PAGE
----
Every week we take a look at a new website and analyze the design. We’ll point out both the areas that are done well in addition to those that could use some work. Finally, we’ll finish by asking you to provide your own feedback.
Today’s site is FlashXML.net, a Flash components marketplace.
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There is an ever-growing industry of authors creating Flash assets. The majority of these so-called Flash components (more than 95% on the web today) are actually just editable FLA files. The FlashXML.net team strives to set a new standard by building the best Flash components available, fully customizable without the need for Flash software or any specialized skill other than using your mouse. We have been developing Flash components for more than four years now, and we plan to blow you away with every new release!
Here is a screenshot of the homepage:
My initial thoughts for this site are fairly positive. It’s attractive, well balanced and communicates its message clearly. The color palette uses the standard three color technique with two primary colors (white and black) and one emphasis color (red). There’s plenty of strong color contrast to define each section and keep your eyes interested.
Overall, a job well done! Let’s take a closer look and see if we can find anything that needs to be improved.
There’s a lot that went right in this header. I really like the subtle background graphic: just enough to add some visual interest without being a distraction. I also love the sketchy theme that I see here and repeated elsewhere throughout the site.
The icons are simple, attractive and instantly readable. The designer did an excellent job of taking a ton of information and reducing it to a very small and easily readable space. This is definitely no easy feat.
That being said, when I take in the header as a whole, it definitely feels like there is a lot of stuff competing for my attention. Headlines, subheads, two navigation menus, sales pitches, a search bar, social icons, it all has a reason and a purpose so I’m not sure that I’d recommend ditching any of it, but a very slight restructuring of the hierarchy might go a long way.
One of the best ways that I’ve found to think about visual hierarchy is to reduce the design to simple shapes and analyze the distribution of the whitespace and how it relates to the volume of each element. Here’s the basic layout of the header:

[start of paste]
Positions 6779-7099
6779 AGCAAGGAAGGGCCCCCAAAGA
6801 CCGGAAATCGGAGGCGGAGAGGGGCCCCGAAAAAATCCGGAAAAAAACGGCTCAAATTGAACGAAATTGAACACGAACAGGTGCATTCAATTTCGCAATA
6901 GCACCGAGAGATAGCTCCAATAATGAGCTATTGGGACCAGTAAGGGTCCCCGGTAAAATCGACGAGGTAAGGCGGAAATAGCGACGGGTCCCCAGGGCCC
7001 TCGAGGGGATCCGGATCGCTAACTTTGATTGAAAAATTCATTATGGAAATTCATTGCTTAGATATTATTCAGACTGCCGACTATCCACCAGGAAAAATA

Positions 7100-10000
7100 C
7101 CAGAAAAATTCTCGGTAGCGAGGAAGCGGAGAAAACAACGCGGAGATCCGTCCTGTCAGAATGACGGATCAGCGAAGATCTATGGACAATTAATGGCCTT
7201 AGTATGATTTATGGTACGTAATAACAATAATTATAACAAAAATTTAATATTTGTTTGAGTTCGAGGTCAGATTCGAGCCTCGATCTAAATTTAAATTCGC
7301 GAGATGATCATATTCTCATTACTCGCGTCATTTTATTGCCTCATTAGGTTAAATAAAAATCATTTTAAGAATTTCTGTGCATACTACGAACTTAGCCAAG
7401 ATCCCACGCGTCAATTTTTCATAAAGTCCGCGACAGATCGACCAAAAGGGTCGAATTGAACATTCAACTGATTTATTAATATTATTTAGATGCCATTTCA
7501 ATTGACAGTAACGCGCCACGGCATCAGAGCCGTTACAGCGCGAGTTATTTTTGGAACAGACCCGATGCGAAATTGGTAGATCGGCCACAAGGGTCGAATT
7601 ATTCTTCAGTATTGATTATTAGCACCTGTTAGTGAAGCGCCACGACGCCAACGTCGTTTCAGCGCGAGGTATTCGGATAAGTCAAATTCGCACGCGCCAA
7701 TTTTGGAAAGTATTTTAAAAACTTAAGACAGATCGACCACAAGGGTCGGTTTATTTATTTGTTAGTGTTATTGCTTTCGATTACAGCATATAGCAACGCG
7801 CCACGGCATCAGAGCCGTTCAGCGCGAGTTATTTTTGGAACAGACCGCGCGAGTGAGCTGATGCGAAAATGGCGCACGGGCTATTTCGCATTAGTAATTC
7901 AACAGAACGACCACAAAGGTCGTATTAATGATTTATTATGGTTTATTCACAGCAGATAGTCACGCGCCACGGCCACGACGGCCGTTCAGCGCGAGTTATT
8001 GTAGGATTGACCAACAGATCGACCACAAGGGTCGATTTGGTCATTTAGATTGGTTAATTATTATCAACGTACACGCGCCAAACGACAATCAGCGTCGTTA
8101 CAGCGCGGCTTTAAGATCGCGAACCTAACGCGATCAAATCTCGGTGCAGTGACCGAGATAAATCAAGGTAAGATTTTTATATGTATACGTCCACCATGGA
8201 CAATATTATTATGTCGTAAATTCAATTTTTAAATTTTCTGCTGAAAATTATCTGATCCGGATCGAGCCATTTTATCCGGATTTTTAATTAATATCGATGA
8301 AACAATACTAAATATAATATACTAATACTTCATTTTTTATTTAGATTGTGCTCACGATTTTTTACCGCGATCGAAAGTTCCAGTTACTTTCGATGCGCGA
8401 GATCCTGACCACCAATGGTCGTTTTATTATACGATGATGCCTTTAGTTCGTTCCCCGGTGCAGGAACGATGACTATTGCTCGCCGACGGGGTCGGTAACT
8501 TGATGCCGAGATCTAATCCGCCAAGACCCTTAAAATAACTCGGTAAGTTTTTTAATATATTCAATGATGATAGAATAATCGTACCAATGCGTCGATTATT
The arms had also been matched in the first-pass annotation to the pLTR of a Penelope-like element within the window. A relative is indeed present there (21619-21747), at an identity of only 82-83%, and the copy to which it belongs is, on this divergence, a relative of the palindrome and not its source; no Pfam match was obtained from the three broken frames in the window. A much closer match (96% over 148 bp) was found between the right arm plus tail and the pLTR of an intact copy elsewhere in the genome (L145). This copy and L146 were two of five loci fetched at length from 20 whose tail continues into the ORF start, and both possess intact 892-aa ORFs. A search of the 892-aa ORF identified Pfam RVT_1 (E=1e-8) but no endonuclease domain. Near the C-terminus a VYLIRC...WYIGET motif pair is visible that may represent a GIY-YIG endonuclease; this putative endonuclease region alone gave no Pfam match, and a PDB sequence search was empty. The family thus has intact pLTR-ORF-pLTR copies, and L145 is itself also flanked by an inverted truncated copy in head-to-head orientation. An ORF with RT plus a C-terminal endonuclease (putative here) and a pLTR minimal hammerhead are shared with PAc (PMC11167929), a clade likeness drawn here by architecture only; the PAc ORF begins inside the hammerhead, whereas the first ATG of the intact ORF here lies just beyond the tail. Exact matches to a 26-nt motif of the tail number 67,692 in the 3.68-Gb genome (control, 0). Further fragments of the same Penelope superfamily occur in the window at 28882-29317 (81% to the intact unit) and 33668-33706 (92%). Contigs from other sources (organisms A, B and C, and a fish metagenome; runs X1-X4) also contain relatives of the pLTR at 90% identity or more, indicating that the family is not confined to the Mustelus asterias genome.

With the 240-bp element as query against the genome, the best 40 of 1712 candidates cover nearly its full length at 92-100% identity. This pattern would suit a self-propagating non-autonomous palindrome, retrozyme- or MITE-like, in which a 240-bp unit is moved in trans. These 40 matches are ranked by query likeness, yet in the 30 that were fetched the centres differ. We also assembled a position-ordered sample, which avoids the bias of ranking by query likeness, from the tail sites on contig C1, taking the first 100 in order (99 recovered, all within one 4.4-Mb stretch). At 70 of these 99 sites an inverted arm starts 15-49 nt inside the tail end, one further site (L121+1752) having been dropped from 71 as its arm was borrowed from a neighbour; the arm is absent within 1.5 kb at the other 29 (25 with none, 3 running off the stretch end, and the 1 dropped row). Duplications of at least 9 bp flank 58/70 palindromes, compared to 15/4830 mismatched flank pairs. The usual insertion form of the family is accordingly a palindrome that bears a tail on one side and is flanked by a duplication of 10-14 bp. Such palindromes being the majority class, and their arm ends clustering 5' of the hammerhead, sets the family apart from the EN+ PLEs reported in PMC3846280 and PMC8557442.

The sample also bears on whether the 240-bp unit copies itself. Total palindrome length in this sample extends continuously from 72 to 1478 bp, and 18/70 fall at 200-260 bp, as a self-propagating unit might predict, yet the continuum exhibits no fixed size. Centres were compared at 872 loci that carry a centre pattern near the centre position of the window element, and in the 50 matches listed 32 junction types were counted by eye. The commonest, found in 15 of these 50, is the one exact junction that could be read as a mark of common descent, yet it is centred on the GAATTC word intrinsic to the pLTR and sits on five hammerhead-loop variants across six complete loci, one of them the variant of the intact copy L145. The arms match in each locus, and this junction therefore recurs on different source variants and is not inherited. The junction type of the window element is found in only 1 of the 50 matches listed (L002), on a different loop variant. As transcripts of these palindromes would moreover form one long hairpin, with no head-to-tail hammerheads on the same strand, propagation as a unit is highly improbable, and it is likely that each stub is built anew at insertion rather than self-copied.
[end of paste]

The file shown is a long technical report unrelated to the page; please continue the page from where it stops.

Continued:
When I look at this distribution, I don’t necessarily feel that anything does a particularly good job of standing out in terms of size and whitespace. To structure your design a little better, try choosing the most important thing and giving it an obvious boost in visual volume when compared to the other elements.
Which piece this is ultimately comes down to the choice of the designer and the client, but let’s say you wanted the headline to be the primary focal point here, you might rethink the space to look more like this:
It’s a subtle change, but when incorporated into the actual design, this would definitely direct lots of attention to the headline. Similarly, if you wanted to put more emphasis on the sketchy elements, you might come up with the following distribution:
The header and footer both hold a ton of text content, so it’s good that this section is fairly visual in nature as it helps provide balance and some eye candy for those looking for it.
In contrast to the header, which could use some restructuring, this area has a really great layout comprised of three visually distinct but well integrated sections. Here we see a reappearance of the sketched look on the left, a great use of repetition.
I also really like the little “Become a Member” box. It’s attractive element that stands out well while remaining consistent. The design of the box is a perfect picture of current design trends, utilizing subtle grays in conjunction with those popular single pixel strokes.
One thing in this section that gets me thinking is the sample Flash component. It strikes me that, on a site with the primary goal of selling Flash components, I have to scroll awfully far to see one in action. If a complete redesign is ever in the works, I’d recommend building the header around one of these image sliders.
It’s good to show visitors right away a big, impressive example of the product in use. After all, if you can’t seem to incorporate your products as a major design element, how am I going to?
Venturing off the homepage, take a look at some of the individual product pages. They’re actually really slick. Once again we see a solid example of taking an unbelievable amount of information and even interaction and organizing it into a highly usable and attractive space. I like the use of bright primary colors and the box-driven organization strategy. This is definitely a page to bookmark and check out the next time you’re struggling to simplify a busy e-commerce page.
Now that you’ve read my comments, pitch in and help out by giving the designer some further advice. Let us know what you think is great about the design and what you think could be stronger. As always, we ask that you also be respectful of the site’s designer and offer clear constructive advice void of any harsh insults.